Joint & Muscle Freedom

For as long as I can remember, I’ve been flexible. 

Karen may disagree, but I’m talking about my muscles, not my disposition.

Even as far back as grade school, when we used to do stretch tests, I was top of the class. 

Touch your toes, reach as far as you can on a specially designed “box,” you name it.

But when it comes to pre- and post- exercise routines, stretching was never big on my list. 

I’ve seen mixed reviews of it. It’s somewhat boring. And if I have the wherewithal to actually get ready to work out, I just want to get to it. 

And as it turns out, I’m missing out on some benefits by not being flexible about stretching.

For one, and this is important, particularly as we get older, stretching before exercise reduces your risk of injury. There really is a benefit to loosening up.

Makes you wonder why all the ballplayers with strained hamstrings aren’t stretching enough. You’d think they would, right? 

Stretching also improves your range of motion, which can slow down the wear and tear of your joints. Especially joints like shoulders, knees, ankles and elbows, which bear the brunt of almost all we ask of our bodies.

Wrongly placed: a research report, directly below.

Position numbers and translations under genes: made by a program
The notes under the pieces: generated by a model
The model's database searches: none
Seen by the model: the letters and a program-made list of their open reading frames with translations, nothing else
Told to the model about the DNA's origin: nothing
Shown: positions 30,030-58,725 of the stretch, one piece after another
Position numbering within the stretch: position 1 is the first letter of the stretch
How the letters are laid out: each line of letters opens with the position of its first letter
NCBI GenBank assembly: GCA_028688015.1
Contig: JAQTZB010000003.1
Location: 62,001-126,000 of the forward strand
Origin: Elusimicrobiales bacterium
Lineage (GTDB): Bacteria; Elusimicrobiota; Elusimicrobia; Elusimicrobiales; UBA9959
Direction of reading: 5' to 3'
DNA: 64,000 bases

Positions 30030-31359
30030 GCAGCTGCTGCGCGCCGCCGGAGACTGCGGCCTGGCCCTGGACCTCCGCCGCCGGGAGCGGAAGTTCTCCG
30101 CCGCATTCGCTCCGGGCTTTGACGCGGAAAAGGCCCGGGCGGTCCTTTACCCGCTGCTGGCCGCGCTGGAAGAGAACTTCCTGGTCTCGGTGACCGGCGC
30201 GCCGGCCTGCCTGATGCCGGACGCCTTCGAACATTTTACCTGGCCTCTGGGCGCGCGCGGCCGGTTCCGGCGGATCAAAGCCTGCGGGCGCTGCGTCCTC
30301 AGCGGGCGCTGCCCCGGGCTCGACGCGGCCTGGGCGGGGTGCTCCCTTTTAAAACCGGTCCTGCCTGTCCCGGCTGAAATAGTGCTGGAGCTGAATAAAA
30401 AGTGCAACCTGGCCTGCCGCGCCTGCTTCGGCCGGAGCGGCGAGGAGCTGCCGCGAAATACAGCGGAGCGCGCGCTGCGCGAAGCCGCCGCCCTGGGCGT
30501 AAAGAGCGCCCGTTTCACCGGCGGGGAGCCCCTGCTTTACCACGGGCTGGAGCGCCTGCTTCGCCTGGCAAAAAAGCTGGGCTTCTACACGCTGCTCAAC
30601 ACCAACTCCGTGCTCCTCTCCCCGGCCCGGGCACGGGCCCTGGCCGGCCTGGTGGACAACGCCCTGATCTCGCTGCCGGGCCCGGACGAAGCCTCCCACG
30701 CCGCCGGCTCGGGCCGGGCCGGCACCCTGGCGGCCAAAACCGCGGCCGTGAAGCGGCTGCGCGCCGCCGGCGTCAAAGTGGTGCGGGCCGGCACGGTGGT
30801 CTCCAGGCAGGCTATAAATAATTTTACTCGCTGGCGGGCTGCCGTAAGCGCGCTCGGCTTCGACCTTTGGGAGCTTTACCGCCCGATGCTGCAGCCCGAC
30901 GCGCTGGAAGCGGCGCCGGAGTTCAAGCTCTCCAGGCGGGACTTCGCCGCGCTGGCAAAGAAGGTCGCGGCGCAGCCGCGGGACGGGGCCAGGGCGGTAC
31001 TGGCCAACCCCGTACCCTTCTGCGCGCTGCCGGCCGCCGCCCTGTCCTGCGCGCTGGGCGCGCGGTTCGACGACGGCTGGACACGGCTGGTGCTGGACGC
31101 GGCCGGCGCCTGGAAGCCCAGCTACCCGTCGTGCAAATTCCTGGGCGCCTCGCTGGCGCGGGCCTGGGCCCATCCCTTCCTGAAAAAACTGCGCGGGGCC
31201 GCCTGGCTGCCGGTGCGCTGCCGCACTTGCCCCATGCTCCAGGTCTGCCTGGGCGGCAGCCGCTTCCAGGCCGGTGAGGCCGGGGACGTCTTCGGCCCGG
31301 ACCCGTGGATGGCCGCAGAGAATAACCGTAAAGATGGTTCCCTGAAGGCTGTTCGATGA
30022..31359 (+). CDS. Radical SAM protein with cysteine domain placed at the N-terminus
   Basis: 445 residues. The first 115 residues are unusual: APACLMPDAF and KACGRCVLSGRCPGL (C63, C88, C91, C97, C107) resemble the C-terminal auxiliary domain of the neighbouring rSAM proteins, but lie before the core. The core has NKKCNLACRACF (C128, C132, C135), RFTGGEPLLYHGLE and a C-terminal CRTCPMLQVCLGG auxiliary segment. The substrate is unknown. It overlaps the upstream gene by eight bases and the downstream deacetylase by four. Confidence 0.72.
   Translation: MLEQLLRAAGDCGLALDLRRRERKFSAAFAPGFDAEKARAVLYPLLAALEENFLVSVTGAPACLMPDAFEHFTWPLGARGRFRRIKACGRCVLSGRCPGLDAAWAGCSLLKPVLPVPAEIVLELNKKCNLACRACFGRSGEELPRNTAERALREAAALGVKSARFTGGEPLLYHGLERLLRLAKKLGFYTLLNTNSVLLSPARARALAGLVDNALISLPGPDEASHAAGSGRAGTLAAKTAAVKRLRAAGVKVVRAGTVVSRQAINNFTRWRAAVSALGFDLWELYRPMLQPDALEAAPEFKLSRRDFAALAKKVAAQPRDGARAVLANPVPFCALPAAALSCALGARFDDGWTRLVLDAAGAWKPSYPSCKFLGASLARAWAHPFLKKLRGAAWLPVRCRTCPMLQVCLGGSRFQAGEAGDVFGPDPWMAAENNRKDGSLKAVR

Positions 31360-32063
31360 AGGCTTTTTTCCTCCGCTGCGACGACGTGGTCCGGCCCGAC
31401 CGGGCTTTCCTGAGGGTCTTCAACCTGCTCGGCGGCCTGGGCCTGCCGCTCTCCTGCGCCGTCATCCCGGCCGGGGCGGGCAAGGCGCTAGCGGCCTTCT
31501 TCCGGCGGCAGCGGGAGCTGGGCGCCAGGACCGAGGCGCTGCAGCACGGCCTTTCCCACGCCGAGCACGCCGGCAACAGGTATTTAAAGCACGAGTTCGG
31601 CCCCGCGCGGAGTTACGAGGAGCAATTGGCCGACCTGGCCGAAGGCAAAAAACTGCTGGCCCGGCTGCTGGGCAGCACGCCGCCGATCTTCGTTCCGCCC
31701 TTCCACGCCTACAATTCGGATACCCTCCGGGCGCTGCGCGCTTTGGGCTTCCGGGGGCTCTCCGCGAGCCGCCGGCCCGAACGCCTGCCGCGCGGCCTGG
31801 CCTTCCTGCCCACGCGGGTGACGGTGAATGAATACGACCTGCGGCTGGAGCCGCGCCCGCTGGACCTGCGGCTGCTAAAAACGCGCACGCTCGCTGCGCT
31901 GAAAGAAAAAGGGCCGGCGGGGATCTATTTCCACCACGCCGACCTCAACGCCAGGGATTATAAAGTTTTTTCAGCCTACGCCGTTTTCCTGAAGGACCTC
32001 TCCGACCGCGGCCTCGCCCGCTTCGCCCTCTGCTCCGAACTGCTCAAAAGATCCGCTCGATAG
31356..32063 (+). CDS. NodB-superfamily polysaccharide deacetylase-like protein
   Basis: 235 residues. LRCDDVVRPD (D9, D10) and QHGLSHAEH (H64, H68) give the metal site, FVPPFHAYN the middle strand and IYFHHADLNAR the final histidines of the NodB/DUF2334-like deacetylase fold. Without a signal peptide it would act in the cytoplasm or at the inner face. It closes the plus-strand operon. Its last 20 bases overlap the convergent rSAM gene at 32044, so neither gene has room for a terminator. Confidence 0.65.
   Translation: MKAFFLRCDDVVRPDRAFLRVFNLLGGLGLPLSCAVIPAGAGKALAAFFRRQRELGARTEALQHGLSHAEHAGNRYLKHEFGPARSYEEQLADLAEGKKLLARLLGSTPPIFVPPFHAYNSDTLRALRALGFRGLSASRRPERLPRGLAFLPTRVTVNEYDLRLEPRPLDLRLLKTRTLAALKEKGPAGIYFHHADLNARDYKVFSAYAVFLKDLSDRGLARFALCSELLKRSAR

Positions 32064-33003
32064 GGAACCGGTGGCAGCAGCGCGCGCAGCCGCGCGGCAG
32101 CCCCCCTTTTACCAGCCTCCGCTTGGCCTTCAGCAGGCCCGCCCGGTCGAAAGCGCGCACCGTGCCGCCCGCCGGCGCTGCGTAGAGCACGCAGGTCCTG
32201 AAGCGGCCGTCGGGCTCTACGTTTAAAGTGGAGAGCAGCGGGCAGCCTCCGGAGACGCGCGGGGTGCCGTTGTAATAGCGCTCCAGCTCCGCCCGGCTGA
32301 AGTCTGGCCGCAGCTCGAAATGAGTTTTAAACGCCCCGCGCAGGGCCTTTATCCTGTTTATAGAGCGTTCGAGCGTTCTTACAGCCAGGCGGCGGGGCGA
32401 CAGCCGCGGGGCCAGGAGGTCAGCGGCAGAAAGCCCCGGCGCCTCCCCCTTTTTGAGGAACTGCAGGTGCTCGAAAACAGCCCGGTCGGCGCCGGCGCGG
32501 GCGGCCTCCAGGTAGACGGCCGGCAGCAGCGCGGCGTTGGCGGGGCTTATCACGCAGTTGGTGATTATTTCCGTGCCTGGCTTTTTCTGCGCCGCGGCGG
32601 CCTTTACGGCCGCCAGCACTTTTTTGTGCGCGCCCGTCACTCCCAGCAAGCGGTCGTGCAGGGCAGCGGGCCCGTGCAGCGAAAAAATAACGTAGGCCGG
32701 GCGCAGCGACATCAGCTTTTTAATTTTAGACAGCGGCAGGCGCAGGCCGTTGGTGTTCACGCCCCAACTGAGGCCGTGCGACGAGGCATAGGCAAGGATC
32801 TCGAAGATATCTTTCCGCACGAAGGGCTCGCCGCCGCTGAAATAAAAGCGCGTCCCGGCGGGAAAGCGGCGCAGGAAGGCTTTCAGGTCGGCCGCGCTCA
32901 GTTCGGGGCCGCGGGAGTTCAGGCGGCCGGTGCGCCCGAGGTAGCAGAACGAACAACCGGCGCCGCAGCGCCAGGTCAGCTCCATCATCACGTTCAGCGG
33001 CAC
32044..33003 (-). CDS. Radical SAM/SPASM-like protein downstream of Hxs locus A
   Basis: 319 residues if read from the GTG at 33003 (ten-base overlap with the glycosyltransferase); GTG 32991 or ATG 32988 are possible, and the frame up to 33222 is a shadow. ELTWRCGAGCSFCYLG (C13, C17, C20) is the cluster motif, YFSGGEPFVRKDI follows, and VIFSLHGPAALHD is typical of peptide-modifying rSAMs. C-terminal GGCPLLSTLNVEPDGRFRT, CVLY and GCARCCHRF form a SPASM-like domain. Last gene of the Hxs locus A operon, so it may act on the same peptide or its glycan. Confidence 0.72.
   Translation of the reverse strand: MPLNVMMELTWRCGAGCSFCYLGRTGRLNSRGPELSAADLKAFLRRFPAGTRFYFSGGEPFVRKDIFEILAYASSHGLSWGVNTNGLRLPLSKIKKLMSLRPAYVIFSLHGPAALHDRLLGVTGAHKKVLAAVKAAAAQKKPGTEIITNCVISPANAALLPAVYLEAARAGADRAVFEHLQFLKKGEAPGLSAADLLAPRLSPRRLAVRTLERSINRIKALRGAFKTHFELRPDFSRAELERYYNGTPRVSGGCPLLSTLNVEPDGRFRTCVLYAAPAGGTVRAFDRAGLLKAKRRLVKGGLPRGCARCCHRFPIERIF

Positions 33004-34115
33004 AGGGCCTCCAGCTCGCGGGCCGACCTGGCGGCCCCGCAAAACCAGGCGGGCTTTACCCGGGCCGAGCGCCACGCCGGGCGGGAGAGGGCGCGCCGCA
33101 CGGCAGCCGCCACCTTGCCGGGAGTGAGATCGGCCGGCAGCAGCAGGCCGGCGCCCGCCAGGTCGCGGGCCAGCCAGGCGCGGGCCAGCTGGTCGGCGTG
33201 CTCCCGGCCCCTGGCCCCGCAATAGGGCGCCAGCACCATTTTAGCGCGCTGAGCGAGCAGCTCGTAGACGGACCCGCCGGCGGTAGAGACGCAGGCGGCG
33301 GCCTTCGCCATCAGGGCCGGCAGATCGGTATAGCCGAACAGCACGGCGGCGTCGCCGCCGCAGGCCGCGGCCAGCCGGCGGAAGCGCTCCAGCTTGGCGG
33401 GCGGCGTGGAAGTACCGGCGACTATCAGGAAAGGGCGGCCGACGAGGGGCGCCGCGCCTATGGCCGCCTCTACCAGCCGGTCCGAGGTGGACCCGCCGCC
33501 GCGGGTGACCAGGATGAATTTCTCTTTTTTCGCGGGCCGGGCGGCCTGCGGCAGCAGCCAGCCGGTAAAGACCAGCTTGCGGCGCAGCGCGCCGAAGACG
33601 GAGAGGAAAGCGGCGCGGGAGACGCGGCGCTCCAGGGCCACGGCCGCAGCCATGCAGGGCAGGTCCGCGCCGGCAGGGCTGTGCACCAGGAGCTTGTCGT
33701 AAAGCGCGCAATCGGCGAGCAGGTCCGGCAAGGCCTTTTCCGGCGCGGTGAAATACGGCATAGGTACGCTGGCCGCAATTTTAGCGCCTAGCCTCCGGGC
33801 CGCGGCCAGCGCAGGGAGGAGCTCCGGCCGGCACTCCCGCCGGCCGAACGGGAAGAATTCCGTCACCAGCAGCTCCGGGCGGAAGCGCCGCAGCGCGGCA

A good stretch is also a boost to your circulation. Getting blood to muscles and joints is always good, and a slow easing into your routine will get you primed for exercise, whether that’s a walk around the block, or something more intense.

Finally, stretching after exercise can actually help ease joint and muscle aches. A slow and careful few minutes of stretching is a nice cool down, and it reduces the tightening effect that happens after workouts. This will keep you from experiencing that next day soreness, or at least cut it back a bit.

I’m dedicating myself to working some stretching into my routine, and you should probably give it a go too. 

It will help you stay flexible. Increase your balance and mobility. And make workouts a little less of a pain.

Sounds like a good combination to me.

And that’s not a stretch. 

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